Kafi Kumasi, Ph.D.
888-497-8754 ext. 714
Kafi Kumasi, Ph.D.
is an associate professor of library and information science (LIS) at Wayne State University, Detroit, MI, where she teaches in the areas of school library media, urban librarianship, multicultural services and resources and research methods. A Laura Bush 21st century scholar, she holds a PhD from Indiana University, Bloomington and a master's degree in LIS from Wayne State. Her research interests revolve around issues of literacy, equity and diversity, particularly in urban educational environments spanning K12 and graduate school contexts. Her publications include book chapters, and journal articles in (among others) Journal of Education for Library and Information Science, The Journal of Research on Libraries and Young Adults, School Libraries Worldwide, School Library Media Research, and Urban Library Journal.
Degrees and Certifications
- B.S. in Education from the University of Michigan, 1999
- M.L.I.S from Wayne State University, 2003
- Ph.D. in Curriculum and Instruction from Indiana University, 2008
Awards and Honors
2020 Academic Leadership Academy Award Office of the Provost, Wayne State University (WSU)
2019 Tenured Faculty Professional Development Award for participation in the NCFDD Faculty Success Program, Office of the Provost, WSU
2017 Research Fellow, iSchool at University of Illinois at Urbana Champagne
2013 Exemplary Diversity Scholar Citation University of Michigan, National Center for Institutional Diversity (NCID)
2011 Best Conference Paper Award Association for Library and Information Science Education (ALISE)
2009 Exemplary Dissertation Award University of Michigan, National Center for Institutional Diversity (NCID)
Homepage URLhttps://sites.google.com/view/ kafi-kumasi
School Library Media; Urban Libraries and Education; Multicultural Education; Issues and Trends in Children's and Young Adult Literature; Social and Cultural approaches to Adolescent Literacy Development.
Tusdays at 10:30 a.m.
Office Location3rd Floor Kresge Library
Kumasi, K. D., Jimes, C., Godwin, A. E., Petrides, L. A., & Karaglani, A. (2020). A Preliminary Study Interrogating the Cataloging and Classification Schemes of a K-12 Book Discovery Platform through a Critical Race Theory Lens. Open Information Science, 4(1), 106-121.
Power-Carter, S., Zakeri, B., & Kumasi, K. (2019). Theorizing and languaging Blackness: Using the African philosophy of Ubuntu and the concept of Sawubona. Languaging relations for transforming the literacy and language arts classroom, 195-215.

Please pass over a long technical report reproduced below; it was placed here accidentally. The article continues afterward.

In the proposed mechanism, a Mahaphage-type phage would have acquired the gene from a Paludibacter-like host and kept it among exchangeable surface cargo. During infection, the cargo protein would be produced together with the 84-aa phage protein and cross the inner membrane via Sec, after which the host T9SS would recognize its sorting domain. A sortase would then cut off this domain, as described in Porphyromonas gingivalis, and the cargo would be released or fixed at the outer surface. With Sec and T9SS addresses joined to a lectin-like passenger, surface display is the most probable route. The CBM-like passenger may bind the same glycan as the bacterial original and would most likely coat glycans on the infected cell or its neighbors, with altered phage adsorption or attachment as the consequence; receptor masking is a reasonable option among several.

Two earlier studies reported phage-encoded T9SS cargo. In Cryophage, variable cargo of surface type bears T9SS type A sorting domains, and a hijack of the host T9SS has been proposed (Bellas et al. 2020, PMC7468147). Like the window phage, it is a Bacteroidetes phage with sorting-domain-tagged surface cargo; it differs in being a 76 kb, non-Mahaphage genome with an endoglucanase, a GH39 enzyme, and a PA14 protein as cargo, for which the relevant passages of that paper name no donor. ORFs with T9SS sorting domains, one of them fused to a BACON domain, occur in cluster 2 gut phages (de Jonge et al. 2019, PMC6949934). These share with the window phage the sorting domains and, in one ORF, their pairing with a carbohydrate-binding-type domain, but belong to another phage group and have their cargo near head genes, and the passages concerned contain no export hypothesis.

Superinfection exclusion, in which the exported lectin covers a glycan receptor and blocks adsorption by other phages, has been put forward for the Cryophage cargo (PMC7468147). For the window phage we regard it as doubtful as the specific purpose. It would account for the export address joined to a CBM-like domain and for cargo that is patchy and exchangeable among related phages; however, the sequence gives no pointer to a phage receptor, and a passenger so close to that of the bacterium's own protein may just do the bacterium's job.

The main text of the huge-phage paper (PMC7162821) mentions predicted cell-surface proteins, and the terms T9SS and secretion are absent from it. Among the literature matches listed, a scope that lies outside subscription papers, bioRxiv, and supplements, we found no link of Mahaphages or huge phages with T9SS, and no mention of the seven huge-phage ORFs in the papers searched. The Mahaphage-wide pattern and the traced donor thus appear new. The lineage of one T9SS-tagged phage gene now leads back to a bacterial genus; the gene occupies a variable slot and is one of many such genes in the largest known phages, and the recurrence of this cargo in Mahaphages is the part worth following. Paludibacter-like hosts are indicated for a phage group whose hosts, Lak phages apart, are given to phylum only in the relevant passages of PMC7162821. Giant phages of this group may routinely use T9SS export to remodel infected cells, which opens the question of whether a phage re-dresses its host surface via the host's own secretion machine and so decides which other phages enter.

Kumasi, K. D., & Hill, R. F. (2019). What does cultural competence mean to preservice school librarians? A critical discourse analysis. In M. A. Mardis & D. Oberg (Eds.), Social justice and cultural competency: Essential readings for school librarians (pp. 64-75). Santa Barbara, CA: Libraries Unlimited.
Kumasi, K. D. (2018). INFLO-mation: A model for exploring information behavior through hip hop. The Journal of Research on Libraries and Young Adults, 9(1). Retrieved from https://www.yalsa.ala.org/jrlya/wp-content/uploads/2018/11/INFLO-mation_Kumasi.pdf., K. D., & Manlove, N. L. (2015). Finding" Diversity Levers" in the Core Library and Information Science Curriculum: A Social Justice Imperative. Library Trends, 64(2), 415-443.
Walster, D., Charbonneau, D., & Kumasi, K. (2016). Finding and reading reports of research:How academic librarians can help students be more successful. The Journal of Academic Librarianship, 42(6), 732-738. http://dx.doi.org/10.1016/j.acalib.2016.06.017
This pilot study was conducted to examine library and information science (LIS) students' perceptions of their level of preparation for becoming culturally competent LIS professionals. Aproximately 130 LIS students participated in an electronic survey, which contained a Likert scale measuring three areas of cultural competence: self-awareness, education, and interaction. A gap analysis technique was employed to detect discrepancies between students' prior knowledge and actual learning relative to cultural competence. Students indicated that all of the concepts introduced in this section were important to learn but their level of knowledge gained varied from no or low levels to moderate levels of actual learning. The results of this study were published in the Journal of Education for Library and Information Science, 52 (4). 251-264. This paper also received the 2011 ALISE Best Conference Paper Award.